passive staff development

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    Our DON is in charge of "staff development" It is all passive. Articles to read every month-handouts and online. The only off-site offering 2003 was the basic PALS. Is this the way staff development is heading-or is it just lack of creativity, laziness. Con ed is way low on DON's/Administration's list of priorities.
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  5. 0
    Quote from ednurse
    Our DON is in charge of "staff development" It is all passive. Articles to read every month-handouts and online. The only off-site offering 2003 was the basic PALS. Is this the way staff development is heading-or is it just lack of creativity, laziness. Con ed is way low on DON's/Administration's list of priorities.
    I suspect that your DON is more of an administrator than an educator. She probably reads journals on management topics, goes to management conferences, etc. ... but may never have studied the field of staff development. If you check out the field of staff development, you will find that active learning is very prominent and preferred.

    On the other hand ... I have personally found that some nurses are not willing or able to invest the time and energy it takes for a more sophisticated or more active educational program. Such programs are also more expensive as the participants need (deserve) to be paid, facilities and materials aquired, coverage for the nurses participating has to be provided, etc. I suspect that a "lack of resources" is also a big part of your DON's problem. If she had the appropriate resourses, she would be able to hire a professional nursing staff development educator and do a lot more.
    Last edit by NRSKarenRN on Mar 17, '05
  6. 0
    She's probably to busy....

    Being the DON is busy enough. Adding staff development.......

    Your facility needs to dedicate someone to do education.
  7. 0
    I support education efforts in over 70 hospitals all of which have on-line education opportunities. I see this an effective way to provide coginitive and theoretical education in light of the current unit or nursing floor environment. There still has to be classroom events to support the theory through practice. Practice and repetition with an education foundation leads to competence.

    Education is truly a value statement in any industry. How many resources are thrown at it determines where it ranks in the food chain within a given company or hospital. Another telling sign of education value is seen by the degree of involvement in strategic decisions. I have pushed the leadership enough to be at the table whenever any strategic efforts might include education.

    The vulnerability for all educators and education opportunities comes most apparent when there are economic shortfalls and RIFs. To better insulate my position in the hospital and to show value I provide how education has contributed to the the strategic goals of the hospital (increased patient quality, saved money, reduced turnover, etc.)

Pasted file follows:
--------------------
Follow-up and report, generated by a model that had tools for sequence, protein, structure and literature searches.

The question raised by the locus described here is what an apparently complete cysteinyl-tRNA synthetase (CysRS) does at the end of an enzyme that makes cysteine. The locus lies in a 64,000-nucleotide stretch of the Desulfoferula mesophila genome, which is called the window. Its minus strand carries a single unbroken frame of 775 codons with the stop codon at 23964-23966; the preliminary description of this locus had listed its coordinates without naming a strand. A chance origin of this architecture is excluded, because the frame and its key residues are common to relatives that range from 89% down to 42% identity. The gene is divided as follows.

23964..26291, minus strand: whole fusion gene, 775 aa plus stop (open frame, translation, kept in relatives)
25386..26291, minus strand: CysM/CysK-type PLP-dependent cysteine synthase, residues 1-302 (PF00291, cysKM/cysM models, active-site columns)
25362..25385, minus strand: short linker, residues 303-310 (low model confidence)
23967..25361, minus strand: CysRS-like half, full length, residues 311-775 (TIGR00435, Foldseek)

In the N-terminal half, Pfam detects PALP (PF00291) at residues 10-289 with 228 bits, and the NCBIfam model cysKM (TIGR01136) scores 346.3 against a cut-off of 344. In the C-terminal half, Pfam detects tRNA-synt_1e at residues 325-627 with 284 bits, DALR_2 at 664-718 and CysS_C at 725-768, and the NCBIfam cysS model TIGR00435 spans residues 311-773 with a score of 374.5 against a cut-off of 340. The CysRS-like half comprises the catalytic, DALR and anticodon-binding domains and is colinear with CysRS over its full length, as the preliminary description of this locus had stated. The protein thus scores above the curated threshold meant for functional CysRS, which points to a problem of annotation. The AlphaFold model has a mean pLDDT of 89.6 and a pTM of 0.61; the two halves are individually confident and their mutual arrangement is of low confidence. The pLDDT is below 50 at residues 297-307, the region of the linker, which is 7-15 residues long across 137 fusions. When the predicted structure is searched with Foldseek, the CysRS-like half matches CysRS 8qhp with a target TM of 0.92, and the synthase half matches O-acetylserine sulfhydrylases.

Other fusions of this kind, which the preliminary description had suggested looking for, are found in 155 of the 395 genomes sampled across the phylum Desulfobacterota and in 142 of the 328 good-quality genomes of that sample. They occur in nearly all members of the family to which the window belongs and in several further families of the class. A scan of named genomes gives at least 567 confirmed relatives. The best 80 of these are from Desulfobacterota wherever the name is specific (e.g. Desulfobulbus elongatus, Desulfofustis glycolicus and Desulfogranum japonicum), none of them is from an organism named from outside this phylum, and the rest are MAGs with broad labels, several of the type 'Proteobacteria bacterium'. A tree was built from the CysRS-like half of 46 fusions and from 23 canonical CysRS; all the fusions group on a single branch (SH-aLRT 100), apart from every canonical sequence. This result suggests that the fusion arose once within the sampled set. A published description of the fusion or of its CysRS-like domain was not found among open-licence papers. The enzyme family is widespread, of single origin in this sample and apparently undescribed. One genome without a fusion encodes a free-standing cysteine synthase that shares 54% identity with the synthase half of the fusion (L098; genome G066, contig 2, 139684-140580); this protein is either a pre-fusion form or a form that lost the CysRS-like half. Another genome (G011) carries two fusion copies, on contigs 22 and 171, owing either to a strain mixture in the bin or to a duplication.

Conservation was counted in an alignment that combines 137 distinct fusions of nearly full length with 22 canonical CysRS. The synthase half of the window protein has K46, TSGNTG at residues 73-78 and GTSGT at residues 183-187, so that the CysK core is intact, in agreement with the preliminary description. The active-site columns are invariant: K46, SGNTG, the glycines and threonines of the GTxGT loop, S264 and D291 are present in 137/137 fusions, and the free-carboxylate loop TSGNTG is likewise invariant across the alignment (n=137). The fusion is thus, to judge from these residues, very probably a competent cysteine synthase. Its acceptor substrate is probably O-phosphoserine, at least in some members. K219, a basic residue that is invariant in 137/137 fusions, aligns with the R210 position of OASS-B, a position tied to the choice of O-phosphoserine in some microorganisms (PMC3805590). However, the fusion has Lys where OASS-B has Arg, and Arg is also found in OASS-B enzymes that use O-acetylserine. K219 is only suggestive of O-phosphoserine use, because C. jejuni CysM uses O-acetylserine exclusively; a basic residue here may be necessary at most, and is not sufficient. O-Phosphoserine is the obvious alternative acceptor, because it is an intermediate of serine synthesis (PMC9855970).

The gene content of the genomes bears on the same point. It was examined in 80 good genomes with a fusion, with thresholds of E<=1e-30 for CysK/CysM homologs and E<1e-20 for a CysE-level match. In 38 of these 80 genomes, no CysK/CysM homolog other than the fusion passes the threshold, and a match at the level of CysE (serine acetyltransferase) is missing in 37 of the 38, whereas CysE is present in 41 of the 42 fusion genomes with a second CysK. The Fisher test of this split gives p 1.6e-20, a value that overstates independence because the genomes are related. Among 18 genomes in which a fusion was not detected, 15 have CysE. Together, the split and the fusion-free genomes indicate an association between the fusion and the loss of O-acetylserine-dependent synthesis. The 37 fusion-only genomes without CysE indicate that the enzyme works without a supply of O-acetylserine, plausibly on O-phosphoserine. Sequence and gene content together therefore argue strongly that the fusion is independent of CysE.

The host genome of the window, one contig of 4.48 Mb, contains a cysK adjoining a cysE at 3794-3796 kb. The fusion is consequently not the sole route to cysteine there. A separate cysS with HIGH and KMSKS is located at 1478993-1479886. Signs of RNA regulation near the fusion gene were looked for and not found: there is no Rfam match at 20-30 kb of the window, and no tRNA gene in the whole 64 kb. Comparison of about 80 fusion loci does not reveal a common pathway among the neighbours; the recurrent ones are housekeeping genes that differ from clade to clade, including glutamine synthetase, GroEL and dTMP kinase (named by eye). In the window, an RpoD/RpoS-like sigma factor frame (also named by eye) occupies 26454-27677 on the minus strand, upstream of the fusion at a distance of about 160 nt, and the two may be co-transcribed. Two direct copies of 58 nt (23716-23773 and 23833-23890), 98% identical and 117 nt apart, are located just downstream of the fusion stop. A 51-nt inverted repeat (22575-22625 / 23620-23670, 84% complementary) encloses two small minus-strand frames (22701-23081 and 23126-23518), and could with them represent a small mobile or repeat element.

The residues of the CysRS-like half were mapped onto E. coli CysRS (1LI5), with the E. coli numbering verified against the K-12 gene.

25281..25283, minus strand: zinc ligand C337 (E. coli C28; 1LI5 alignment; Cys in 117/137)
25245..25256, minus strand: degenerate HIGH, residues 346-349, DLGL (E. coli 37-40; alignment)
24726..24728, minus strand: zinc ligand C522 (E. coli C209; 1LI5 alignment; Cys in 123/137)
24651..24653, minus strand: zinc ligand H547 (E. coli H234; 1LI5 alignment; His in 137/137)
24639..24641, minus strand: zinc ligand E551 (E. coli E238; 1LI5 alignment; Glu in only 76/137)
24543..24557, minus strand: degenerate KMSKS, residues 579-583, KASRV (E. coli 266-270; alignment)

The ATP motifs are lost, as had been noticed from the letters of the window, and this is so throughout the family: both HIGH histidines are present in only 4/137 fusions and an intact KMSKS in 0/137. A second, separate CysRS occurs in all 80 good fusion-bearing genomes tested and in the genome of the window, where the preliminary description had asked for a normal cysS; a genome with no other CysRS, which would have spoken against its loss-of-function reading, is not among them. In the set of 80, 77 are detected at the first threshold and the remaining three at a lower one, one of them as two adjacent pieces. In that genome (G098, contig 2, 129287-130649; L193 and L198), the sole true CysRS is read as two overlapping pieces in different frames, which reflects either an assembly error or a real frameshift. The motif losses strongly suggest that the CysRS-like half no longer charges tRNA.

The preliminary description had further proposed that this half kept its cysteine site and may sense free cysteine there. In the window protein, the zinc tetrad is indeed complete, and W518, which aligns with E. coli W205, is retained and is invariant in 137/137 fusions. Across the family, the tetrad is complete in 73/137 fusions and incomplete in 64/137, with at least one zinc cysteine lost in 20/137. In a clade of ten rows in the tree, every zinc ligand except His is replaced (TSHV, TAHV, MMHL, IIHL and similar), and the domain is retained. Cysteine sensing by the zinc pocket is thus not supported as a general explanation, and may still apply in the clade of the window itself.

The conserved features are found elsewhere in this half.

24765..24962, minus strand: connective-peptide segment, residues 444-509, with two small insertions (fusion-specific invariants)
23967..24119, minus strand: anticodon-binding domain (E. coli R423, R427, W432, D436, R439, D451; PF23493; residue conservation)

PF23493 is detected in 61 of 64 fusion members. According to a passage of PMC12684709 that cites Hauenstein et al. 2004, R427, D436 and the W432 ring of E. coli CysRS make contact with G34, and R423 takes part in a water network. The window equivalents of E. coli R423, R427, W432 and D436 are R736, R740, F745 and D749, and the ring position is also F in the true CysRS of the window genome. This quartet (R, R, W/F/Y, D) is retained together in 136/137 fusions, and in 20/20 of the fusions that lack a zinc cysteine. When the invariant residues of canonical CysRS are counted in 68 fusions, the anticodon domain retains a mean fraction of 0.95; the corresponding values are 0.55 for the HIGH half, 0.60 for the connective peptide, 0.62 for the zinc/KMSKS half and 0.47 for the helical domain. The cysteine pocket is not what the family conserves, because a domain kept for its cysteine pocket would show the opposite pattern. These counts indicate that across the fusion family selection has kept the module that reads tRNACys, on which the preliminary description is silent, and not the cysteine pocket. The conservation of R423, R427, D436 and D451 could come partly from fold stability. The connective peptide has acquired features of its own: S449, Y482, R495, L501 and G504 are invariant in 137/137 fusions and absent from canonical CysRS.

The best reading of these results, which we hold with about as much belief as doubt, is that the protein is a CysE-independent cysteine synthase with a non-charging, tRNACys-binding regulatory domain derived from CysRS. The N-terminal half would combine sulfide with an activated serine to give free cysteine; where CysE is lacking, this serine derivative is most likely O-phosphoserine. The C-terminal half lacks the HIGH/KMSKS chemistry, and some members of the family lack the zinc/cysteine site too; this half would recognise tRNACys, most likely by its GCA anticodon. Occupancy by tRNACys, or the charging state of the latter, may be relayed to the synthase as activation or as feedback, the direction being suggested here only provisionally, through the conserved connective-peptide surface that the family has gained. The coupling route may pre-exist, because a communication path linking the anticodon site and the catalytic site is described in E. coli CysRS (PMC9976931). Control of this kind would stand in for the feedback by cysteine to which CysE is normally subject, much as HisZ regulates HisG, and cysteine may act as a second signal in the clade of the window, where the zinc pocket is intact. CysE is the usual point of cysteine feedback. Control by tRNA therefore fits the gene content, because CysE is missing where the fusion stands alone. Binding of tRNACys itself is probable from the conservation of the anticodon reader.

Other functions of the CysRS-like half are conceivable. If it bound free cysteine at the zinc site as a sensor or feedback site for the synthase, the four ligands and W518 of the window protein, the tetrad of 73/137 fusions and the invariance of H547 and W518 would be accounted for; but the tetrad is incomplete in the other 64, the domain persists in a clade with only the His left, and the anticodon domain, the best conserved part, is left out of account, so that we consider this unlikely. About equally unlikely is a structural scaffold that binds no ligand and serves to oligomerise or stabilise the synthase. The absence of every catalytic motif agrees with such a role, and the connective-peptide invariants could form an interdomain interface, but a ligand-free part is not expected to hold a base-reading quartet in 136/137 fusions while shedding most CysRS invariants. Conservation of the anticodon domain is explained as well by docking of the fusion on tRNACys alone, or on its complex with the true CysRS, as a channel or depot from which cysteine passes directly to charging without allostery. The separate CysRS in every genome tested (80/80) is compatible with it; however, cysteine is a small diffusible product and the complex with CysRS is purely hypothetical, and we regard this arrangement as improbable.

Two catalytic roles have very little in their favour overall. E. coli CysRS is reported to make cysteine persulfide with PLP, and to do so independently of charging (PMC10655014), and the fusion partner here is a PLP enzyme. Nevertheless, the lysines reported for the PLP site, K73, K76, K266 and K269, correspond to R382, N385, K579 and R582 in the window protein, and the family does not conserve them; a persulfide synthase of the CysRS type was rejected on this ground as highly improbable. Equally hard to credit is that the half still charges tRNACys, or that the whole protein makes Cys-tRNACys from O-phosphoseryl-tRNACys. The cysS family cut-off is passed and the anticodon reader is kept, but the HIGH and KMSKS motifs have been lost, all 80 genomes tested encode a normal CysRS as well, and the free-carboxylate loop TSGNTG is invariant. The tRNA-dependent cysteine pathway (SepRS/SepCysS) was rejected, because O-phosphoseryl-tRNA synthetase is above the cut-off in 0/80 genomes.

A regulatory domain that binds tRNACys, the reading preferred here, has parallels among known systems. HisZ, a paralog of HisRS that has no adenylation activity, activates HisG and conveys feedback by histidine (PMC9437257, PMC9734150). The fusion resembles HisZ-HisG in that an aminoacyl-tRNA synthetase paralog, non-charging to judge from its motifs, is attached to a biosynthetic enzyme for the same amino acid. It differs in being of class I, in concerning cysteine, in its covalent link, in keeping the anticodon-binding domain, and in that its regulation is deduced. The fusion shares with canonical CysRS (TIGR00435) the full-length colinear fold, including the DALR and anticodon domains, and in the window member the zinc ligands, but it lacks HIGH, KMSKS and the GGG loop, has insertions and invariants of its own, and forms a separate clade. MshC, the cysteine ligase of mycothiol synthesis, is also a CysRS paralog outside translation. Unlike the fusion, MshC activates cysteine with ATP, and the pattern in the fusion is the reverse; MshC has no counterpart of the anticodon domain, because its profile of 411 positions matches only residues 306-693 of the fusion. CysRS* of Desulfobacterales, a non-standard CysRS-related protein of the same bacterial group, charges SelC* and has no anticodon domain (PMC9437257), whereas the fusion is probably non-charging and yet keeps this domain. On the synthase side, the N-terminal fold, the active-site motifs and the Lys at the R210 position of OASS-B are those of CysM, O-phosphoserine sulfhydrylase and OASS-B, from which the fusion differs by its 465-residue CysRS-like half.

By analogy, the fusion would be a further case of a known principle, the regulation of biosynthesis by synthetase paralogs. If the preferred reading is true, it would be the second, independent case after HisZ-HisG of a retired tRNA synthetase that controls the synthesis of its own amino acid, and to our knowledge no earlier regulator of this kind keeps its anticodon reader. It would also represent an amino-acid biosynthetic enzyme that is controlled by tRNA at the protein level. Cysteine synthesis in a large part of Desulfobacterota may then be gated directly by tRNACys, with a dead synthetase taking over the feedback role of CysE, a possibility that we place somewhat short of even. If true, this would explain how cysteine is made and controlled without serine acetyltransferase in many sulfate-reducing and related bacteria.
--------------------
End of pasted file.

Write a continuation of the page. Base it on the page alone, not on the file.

That means doing our job differently and figuring out how to demonstrate value in your given environment...to be valuable one has to show value to key stakeholders, which may go beyond your DON.


    Quote from ednurse
    Our DON is in charge of "staff development" It is all passive. Articles to read every month-handouts and online. The only off-site offering 2003 was the basic PALS. Is this the way staff development is heading-or is it just lack of creativity, laziness. Con ed is way low on DON's/Administration's list of priorities.
  8. 0
    Quote from ednurse
    Our DON is in charge of "staff development" It is all passive. Articles to read every month-handouts and online. The only off-site offering 2003 was the basic PALS. Is this the way staff development is heading-or is it just lack of creativity, laziness. Con ed is way low on DON's/Administration's list of priorities.
    It sounds as if this is just a requirement for her to do and she's not into formal educational program presentation. It can be difficult because I have done education and no one is interested enough to show up for the presentations. I know everyone is busy but this is how we provide for evidenced based practice. A thought.....why not have each nurse take a month and do a presentation from something read or even a case study. It makes it more interesting when you share with your peers and it would relieve your DON and she would probably be VERY pleased with you. Do a 'lunch and learn' and everybody bring a sack lunch. :hatparty:
  9. 0
    Quote from klj836
    It sounds as if this is just a requirement Do a 'lunch and learn' and everybody bring a sack lunch. :hatparty:
    The old "lunch and learn" is alive and well at my institution. It is too bad that it is taken literally. "Lunch" is "noon to 1PM". The day shift or "A" (12 hour staff) is enhanced to make sure as many as possible may attend. Unfortunately, the PM, NOC, and "B" shift get nothing and have to be short staffed because of the additions needed for Day and "A" shift to attend. They wonder why they cannot keep PM or NOC or "B" shift staff but then the second class status is considered normal- shorter orientation periods because of staffing shortages, and generally less staffing because "nothing happens on these shifts" except the clean up from the previous shift and all the emergency admissions, surgeries, etc. The charge nurse is not assigned patients on "A" or Days but on the second class level in addition to charge you have a full patient load. It is a learning experience but I can't say it is a positive one.
  10. 0
    Staff development is a whole nursing speciality. Teaching strategies should vary in order to be effective to a maximum number of learners. I would not say she is lazy, because it is HARD to wear too many hats. I believe a full time educator is needed.


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